This Week in Prayer, Service & Community - January 4, 2019


This Week – January 4, 2019

Dear All: 

Thanks for the inspired and inspiring Christmas. I hope and trust that yours was also full of great blessings and that your new year is off to a rollicking good start. This weekend we celebrate the Feast of the Epiphany. Next Sunday it is the Baptism of the Lord. Then on January 20, we return to Ordinary Time until Ash Wednesday, March 6. Enjoy the 60 days of green vestments.


  • Travelling Devotions – Our Lady of Guadalupe Prayer Guide – Our Metuchen Diocese is promoting a year of spiritual renewal. It includes renewal of our relationship with the Blessed Mother, in her role as Our Lady of Guadalupe. Saint Joe’s and every other parish in the diocese have received an icon and a collection of prayers that is meant to stay at a different parishioner’s home every week. I thank the members of the 8:35 Club (the folks who regularly attend daily Mass) for signing up for the first 15 weeks. Thirty-seven more households can host the icon and pray the prayers once the 8:35 gang finishes the preliminary round. Great thanks to Fernando Diaz, our parish liaison to the project. Please contact Suzanne Kral at if you would like to be put on the list of host households.

  • Prayer Service for Refugees and Migrants – Think about joining the prayer for refugees and migrants this Wednesday at 7:00 p.m. The diocese invited our parish to host this event as part of next week’s nation-wide effort to pray for our dislocated brothers and sisters. Join us if you can. 

Sunday’s Homily – “December 30, 2018 – Feast of the Holy Family: Hope Part VII: Family Hopes, Me and Us”

  • To listen to Sunday's homily (and access to past homilies), click here.

  • To read a summary of it, go to the bottom of this page


  • The Inhalers: At the end of each Mass on December 30, I asked you to consider putting an offering in the poor box, an offering that would help pay for a local man’s inhaler. Because he is not a U.S. citizen, our friend is not eligible for government assistance. Your response was truly outstanding. Your generosity has enabled us to set up an account, within our Social Ministries accounts, that will pay for his next six inhalers. Imagine our friend’s relief when, as we stood at the cash register and the very kind pharmacist said “That will be $620. How would you like to pay,” and I was able to reply “St. Joe’s Parish will cover it.” Thanks too to all who offered other forms of assistance. You are a blessing.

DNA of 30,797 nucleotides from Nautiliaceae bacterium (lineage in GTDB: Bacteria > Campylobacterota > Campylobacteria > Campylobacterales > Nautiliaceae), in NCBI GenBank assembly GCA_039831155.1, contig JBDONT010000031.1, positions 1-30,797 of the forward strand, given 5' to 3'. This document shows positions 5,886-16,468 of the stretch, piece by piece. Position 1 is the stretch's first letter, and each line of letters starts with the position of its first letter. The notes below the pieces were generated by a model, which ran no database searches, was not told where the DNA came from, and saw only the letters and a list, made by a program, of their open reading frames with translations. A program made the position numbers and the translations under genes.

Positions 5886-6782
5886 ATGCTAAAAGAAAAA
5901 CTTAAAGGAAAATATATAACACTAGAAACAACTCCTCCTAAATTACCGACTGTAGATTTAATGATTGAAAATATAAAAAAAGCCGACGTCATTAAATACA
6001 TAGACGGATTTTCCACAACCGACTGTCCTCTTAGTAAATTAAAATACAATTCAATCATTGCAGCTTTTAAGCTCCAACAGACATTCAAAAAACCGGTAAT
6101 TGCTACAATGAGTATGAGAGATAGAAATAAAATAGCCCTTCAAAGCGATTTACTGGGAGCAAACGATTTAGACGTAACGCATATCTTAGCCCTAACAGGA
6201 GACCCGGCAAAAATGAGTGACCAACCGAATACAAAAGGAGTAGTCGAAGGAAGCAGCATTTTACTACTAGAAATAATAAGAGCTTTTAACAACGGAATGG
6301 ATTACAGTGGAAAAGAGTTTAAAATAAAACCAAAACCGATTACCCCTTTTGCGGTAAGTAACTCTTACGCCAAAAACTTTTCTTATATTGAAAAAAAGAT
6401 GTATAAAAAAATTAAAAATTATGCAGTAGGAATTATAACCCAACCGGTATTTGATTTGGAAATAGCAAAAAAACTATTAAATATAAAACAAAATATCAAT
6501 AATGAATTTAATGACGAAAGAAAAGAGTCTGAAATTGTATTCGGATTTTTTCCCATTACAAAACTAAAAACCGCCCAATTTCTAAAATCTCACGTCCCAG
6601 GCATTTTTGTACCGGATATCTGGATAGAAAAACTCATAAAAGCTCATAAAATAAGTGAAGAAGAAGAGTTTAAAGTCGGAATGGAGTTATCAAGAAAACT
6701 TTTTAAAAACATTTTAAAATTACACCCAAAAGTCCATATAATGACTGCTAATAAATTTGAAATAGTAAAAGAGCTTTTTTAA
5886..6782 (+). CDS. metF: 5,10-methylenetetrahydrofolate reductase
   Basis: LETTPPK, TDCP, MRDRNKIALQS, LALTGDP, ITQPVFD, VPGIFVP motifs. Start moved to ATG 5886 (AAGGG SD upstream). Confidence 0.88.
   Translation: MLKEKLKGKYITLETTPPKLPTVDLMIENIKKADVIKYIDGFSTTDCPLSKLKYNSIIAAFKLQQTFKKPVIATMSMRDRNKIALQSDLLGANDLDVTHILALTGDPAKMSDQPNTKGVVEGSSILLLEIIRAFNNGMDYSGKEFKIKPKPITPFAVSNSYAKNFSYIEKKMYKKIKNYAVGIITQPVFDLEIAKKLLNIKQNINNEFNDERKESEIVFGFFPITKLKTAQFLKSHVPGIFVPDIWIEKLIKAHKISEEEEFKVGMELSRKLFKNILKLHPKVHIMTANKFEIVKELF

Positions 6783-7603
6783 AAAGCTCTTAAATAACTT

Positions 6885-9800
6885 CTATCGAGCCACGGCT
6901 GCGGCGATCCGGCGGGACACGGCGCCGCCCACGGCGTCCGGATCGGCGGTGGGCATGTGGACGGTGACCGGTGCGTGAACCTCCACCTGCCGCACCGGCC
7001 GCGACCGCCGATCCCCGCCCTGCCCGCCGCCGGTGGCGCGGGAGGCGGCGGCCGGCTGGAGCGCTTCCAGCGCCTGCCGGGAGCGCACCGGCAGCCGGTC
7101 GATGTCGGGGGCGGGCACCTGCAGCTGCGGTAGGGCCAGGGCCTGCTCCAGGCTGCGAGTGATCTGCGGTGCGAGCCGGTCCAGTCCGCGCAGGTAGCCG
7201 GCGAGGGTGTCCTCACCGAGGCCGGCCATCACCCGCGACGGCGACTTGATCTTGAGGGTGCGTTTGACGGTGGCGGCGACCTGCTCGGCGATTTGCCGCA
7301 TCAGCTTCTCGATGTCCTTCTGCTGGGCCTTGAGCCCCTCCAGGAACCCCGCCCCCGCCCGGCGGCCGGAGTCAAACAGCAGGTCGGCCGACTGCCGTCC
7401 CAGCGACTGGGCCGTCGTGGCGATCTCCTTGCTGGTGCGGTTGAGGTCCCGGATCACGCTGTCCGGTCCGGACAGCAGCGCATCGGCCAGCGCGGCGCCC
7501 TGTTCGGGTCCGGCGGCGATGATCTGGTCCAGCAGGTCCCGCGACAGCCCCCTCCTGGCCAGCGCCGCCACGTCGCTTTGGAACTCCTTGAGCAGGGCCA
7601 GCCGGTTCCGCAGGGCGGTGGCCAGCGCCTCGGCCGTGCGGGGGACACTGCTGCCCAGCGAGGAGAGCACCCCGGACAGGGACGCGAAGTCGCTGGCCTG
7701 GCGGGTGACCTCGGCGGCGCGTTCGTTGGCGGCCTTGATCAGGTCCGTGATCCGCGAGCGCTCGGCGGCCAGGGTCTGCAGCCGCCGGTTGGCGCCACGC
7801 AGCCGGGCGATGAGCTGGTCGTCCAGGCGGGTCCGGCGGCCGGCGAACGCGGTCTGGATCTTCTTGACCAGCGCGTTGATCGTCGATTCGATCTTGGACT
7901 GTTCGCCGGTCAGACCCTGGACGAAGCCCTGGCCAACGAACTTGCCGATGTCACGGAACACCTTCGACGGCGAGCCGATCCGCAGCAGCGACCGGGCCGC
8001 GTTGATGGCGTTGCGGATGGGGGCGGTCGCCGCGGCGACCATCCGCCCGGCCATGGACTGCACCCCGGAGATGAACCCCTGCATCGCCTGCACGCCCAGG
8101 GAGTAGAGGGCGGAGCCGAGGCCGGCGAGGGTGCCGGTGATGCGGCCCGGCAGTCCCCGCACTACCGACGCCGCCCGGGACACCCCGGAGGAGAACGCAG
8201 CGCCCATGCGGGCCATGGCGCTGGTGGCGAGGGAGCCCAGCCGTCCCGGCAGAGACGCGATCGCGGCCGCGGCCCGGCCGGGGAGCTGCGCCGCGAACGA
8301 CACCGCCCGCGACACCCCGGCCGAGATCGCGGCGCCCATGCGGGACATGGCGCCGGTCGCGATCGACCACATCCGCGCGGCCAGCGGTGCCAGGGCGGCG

• Virtus Training available for any parishioners interested in volunteering to work with youth, special needs adults or the elderly is available tomorrow from 9:30 - noon. There are only 5 of the 40 spots still available. Click here to register.


  • Welcome to Our New Parishioners – Once again, we are delighted to welcome several new members to our parish. May your years at St. Joe’s be many and may they be years of great grace for you, and because of you, years of great grace for all parishioners:

    • Maureen Amter and her son Michael

    • Patrick and Diane Baldoni

    • Ryan and Sarah Forrester and their children Charlotte and Adam

    • Ellen Schwalm

    • Logan Stahl

    • Christopher and Carol Wishbow

  • Dates to Mark:

    • Our Annual Pasta Dinner – Friday, January 25 –– a great night for the whole family